Disruptions caused by the Covid-19 pandemic, the Suez Canal blockage, ongoing port congestion and vessel omissions are having a crippling effect on supply chains with massive reliability and capacity problems, further resulting in container freight rates at record levels and cargo arriving between two to five weeks later than scheduled.
The recent surge in cargo demand has also led to an equipment imbalance and a shortage of space from various global ports. As a result, shipping-lines do not have space, and whatever space is left is being sold at premium. Furthermore, the waiting period to secure bookings has increased drastically, and contractual bookings are not being honoured.
Huge challenge in securing bookings
- Negotiated freight rates out the door. Negotiated contracts with major shipping lines are not being honoured due to current and challenging market conditions, carriers cannot maintain validity periods.
- Demurrage. The average demurrage and detention (D&D) charges across the world’s 20 largest ports has double since last year. Most shipping lines have reduced the free period at origin and/or destination as carrier principles mandate extensions. This mainly due to global equipment shortages and in many instances a maximum of five days is given regardless of whether cargo is released from the terminal or not.
Other reasons lack of capacity, delays, and resultant increased freight rates
- Covid-19. Covid-19 infections detected amongst crew members have resulted in entire vessels being placed under quarantine with carriers having to make last-minute changes to schedules to maintain vessel integrity. Furthermore, recent increased cases in Chinese and Indian main ports has negatively impacted productivity.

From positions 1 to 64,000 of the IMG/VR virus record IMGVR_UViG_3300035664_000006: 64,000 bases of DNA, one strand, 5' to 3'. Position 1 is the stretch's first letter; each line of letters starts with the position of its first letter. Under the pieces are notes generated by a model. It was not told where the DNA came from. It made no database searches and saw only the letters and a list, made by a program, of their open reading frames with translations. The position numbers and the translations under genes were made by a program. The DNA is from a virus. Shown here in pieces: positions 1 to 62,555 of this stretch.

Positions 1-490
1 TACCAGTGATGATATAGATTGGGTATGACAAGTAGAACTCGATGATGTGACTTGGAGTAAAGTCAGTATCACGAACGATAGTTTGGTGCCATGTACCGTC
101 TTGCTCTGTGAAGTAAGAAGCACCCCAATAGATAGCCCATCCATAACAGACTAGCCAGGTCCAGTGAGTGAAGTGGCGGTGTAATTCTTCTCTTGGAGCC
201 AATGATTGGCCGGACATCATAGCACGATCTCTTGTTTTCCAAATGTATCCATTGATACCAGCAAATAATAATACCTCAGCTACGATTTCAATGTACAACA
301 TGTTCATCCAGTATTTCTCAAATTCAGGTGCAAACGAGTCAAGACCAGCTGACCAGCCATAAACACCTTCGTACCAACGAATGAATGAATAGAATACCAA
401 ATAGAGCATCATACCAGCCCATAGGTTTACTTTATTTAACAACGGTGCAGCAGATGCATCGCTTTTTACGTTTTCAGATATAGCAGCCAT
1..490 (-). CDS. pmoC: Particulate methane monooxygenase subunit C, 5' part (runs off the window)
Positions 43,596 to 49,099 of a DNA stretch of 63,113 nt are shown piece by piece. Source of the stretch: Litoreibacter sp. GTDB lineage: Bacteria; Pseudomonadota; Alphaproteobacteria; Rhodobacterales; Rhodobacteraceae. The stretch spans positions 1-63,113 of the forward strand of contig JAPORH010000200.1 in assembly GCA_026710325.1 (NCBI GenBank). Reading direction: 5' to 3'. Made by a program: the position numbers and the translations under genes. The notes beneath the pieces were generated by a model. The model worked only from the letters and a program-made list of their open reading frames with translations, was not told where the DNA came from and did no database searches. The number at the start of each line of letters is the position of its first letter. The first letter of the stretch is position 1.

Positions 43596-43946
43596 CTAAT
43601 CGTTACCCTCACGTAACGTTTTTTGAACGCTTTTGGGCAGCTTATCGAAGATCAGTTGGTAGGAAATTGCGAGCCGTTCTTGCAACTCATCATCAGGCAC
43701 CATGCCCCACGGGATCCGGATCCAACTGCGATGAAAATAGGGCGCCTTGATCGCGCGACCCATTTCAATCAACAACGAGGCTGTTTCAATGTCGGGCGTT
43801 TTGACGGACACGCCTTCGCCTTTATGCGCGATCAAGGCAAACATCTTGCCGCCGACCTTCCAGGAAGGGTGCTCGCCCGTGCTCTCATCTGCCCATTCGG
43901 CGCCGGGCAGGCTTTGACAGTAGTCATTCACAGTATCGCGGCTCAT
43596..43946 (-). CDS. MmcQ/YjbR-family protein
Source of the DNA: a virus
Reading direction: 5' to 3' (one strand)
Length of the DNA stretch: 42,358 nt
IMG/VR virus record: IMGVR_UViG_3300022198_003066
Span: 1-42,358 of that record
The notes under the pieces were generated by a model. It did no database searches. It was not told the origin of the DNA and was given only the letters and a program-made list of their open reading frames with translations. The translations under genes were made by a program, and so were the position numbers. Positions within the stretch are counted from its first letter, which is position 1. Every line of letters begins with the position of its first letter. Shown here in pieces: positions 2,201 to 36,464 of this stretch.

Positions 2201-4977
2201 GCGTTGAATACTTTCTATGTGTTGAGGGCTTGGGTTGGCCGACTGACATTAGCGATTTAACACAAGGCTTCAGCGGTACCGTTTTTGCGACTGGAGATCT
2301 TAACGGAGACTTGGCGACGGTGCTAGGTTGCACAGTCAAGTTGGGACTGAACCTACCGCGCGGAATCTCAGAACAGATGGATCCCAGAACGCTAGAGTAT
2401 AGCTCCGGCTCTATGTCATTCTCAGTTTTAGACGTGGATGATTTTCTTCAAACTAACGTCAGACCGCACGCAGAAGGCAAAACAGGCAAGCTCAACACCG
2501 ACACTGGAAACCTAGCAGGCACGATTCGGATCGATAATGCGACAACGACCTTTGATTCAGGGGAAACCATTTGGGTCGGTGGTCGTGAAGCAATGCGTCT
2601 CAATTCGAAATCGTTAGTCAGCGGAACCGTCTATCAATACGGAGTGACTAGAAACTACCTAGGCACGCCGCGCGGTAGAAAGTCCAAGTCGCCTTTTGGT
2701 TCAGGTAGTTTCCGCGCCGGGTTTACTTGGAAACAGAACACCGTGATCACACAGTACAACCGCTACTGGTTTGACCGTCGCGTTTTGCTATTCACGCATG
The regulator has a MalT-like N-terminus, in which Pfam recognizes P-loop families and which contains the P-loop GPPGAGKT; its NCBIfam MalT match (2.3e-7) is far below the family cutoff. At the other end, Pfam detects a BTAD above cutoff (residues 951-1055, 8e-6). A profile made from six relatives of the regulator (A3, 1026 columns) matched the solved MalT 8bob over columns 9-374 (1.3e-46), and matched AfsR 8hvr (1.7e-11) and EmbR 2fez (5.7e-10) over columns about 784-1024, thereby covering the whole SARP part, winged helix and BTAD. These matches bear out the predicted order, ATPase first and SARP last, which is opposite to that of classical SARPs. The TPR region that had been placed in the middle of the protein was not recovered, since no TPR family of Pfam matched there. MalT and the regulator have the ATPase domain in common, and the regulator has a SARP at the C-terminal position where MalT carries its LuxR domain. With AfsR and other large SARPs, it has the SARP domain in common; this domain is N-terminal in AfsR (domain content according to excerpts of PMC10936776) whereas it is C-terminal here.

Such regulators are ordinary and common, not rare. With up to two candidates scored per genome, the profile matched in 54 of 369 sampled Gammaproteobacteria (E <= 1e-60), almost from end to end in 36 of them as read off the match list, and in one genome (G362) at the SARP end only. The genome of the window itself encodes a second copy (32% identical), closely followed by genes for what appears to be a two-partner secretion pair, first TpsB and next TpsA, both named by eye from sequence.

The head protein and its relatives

- Suez Canal. After three long months, the Ever Given, an ultra-large container vessel, finally set sail from the Great Bitter Lakes after being arrested and held for close to three months for jamming the southern channel of the Suez. Due to the blockage, more than 400 ships were out of circulation, causing a huge backlog.
- Trade routes. Due to better yields, the major trading hubs of the United States, Europe, Asia and even West Africa have received preference putting further pressure on South African cargo. Sailing schedules have even been amended whilst vessels were on-route without prior notice, thus affecting the visibility of shipment and extending the lead time.
- Citrus season. The Citrus Growers Association of Southern Africa (CGA) expects to have a record citrus export year – with an expected demand of 95 000 reefer containers. This figure rises to 120 000 when deciduous and subtropical fruit volume is included. As a result, shipping lines will give preference to reefer containers over general cargo.
Message to Ziegler Customers
These challenges have a massive impact on our ours and therefore your forecasting, your planning and your costing. To be on the safe side, we recommend you plan shipments at least three to four weeks further ahead of what you would normally. In addition, we urge logistics and business heads to please circulate this information amongst their own sales teams and customers, to manage expectations and avoid disappointment.